Depression, suicidal thoughts common among high school students during an epidemic – US study

Students board a school bus outside Washington-Liberty High School in Arlington County, which is one of several school districts that have demanded the arrest of the optional mask mask by Governor Glenn Youngkin (R), Arlington, Virginia, USA, Jan. 25, 2022 Reuters Evelyn Hoxstein

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March 31 (Reuters) – More than a third of high school students surveyed in the United States experienced stress, anxiety or depression, and nearly a fifth said they were seriously considering suicide during the COVID-19 epidemic, U.S. researchers reported Thursday.

The first national survey of its kind found that 44% of students reported feeling sad or hopeless every day for two consecutive weeks or more during the previous year, according to a study by the U.S. Centers for Disease Control and Prevention (CDC).

“However, the findings we have presented highlight complex issues, and children, parents and schools cannot address them alone. The impact of COVID-19 will be felt for many years with devastating consequences,” CDC senior Jonathan Marmin told reporters at a news briefing.

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The online survey of 7,705 9th-12th grade students across the country was conducted during January to June 2021 and asked, “How often has your mental health not been good?”

The survey found that the prevalence of poor mental health and suicide was high among students from all sexual identities, races and ethnic groups, but was more common among students identified as women than men.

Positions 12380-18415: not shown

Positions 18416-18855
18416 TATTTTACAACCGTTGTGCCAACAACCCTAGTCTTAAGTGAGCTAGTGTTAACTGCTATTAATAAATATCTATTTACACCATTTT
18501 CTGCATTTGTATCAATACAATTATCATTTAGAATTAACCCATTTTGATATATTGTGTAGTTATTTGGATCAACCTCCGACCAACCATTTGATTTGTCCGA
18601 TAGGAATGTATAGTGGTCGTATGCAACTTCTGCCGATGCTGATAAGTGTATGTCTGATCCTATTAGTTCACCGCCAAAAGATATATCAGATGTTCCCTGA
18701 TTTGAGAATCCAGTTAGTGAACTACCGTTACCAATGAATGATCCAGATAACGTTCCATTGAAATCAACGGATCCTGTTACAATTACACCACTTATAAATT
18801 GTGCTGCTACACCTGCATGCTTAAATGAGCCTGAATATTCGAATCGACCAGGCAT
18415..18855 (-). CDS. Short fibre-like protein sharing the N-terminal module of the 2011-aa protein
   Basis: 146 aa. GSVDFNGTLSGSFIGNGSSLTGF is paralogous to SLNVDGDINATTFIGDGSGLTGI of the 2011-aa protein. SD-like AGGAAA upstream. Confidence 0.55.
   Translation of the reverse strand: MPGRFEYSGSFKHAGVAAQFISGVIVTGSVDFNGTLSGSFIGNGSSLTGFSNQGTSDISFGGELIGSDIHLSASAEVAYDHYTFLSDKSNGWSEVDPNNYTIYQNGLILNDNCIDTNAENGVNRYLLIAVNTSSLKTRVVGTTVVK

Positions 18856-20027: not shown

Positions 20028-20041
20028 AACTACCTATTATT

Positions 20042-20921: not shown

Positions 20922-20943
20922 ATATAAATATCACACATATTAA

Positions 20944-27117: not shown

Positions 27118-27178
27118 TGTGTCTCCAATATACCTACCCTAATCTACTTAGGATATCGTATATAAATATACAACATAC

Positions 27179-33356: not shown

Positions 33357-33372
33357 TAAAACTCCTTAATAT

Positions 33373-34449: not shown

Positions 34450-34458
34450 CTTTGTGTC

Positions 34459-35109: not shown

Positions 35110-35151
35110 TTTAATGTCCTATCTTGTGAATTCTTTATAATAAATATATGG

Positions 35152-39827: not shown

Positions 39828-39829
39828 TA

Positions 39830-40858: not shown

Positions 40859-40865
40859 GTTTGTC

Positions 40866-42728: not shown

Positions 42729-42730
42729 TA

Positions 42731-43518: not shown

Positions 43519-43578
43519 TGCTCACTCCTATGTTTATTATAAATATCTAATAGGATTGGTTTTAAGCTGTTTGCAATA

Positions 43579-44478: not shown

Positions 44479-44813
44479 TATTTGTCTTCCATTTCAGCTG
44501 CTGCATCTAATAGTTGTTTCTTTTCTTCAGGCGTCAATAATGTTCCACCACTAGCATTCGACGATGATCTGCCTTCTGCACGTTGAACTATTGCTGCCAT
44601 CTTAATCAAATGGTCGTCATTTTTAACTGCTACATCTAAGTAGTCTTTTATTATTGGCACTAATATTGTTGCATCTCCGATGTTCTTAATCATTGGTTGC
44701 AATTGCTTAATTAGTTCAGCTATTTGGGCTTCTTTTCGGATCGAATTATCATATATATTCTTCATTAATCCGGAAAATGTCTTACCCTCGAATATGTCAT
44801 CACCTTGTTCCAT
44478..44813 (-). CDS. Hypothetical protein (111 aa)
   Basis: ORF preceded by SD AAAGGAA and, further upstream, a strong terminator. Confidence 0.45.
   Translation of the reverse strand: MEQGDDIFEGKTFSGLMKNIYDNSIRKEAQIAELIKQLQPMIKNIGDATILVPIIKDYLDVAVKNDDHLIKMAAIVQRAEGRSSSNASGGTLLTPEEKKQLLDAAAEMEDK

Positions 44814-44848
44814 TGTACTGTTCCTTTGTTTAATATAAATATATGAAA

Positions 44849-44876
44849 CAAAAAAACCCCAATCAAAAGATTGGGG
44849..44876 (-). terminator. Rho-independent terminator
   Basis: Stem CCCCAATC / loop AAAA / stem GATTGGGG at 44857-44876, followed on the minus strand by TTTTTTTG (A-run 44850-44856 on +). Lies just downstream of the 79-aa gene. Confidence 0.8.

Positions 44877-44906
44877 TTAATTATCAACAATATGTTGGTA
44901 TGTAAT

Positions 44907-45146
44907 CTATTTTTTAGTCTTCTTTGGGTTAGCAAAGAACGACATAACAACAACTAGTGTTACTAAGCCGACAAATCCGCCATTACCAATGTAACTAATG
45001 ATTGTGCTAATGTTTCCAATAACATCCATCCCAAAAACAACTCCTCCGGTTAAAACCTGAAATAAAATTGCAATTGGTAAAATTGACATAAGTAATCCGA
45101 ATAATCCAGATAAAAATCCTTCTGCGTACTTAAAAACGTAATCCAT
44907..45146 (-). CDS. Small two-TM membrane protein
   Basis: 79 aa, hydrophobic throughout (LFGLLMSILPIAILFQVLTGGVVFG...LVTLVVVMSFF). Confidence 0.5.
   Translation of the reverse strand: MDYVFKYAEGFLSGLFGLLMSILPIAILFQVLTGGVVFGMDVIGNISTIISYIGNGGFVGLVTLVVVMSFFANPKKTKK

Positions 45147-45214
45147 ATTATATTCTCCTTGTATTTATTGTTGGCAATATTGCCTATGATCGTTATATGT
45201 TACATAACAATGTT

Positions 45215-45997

Suicidal thoughts or attempts and poor mental health were also more common among LGBT students than among heterosexual teens, according to a survey published in the CDC’s Morbidity and Mortality Weekly Report.

The study confirms the concerns raised by the American Academy of Pediatrics, the American Academy of Child and Adolescent Psychiatry, and the Association of Pediatric Hospitals, which in October 2021 jointly declared a national emergency in the mental health of children and adolescents, noting that the pressures exacerbated problems. Existence before the health crisis.

When schools closed during an epidemic, teens were exposed to a variety of pressures, including parental abuse and isolation.

More than half of the students surveyed said they had experienced emotional abuse by a parent or other adult in the home, with 11% reporting physical abuse. Nearly 30% reported that a parent or other adult in their home had lost a job and 24% said they were hungry because there was not enough food.

The study also found that perceived racism was highest among Asian students during the epidemic with 64%, followed by black and multiracial students at about 55%.

Researchers noted an increase in racism during the epidemic, which began in China, especially against Asian communities.

To address these mental health issues, the researchers recommended improving students’ relationships with other students as well as with staff, noting that school districts should consider all-school programs, such as those that focus on social and emotional learning.

Because the survey was the first of its kind, trends could not be compared to those seen in other pre-epidemic studies, the researchers noted.

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A report by Leroy Leo in Bangalore and Julie Steinhausen in Chicago; Edited by Caroline Homer and Bill Berkrot

Our Standards: The Principles of Thomson Reuters Trust.

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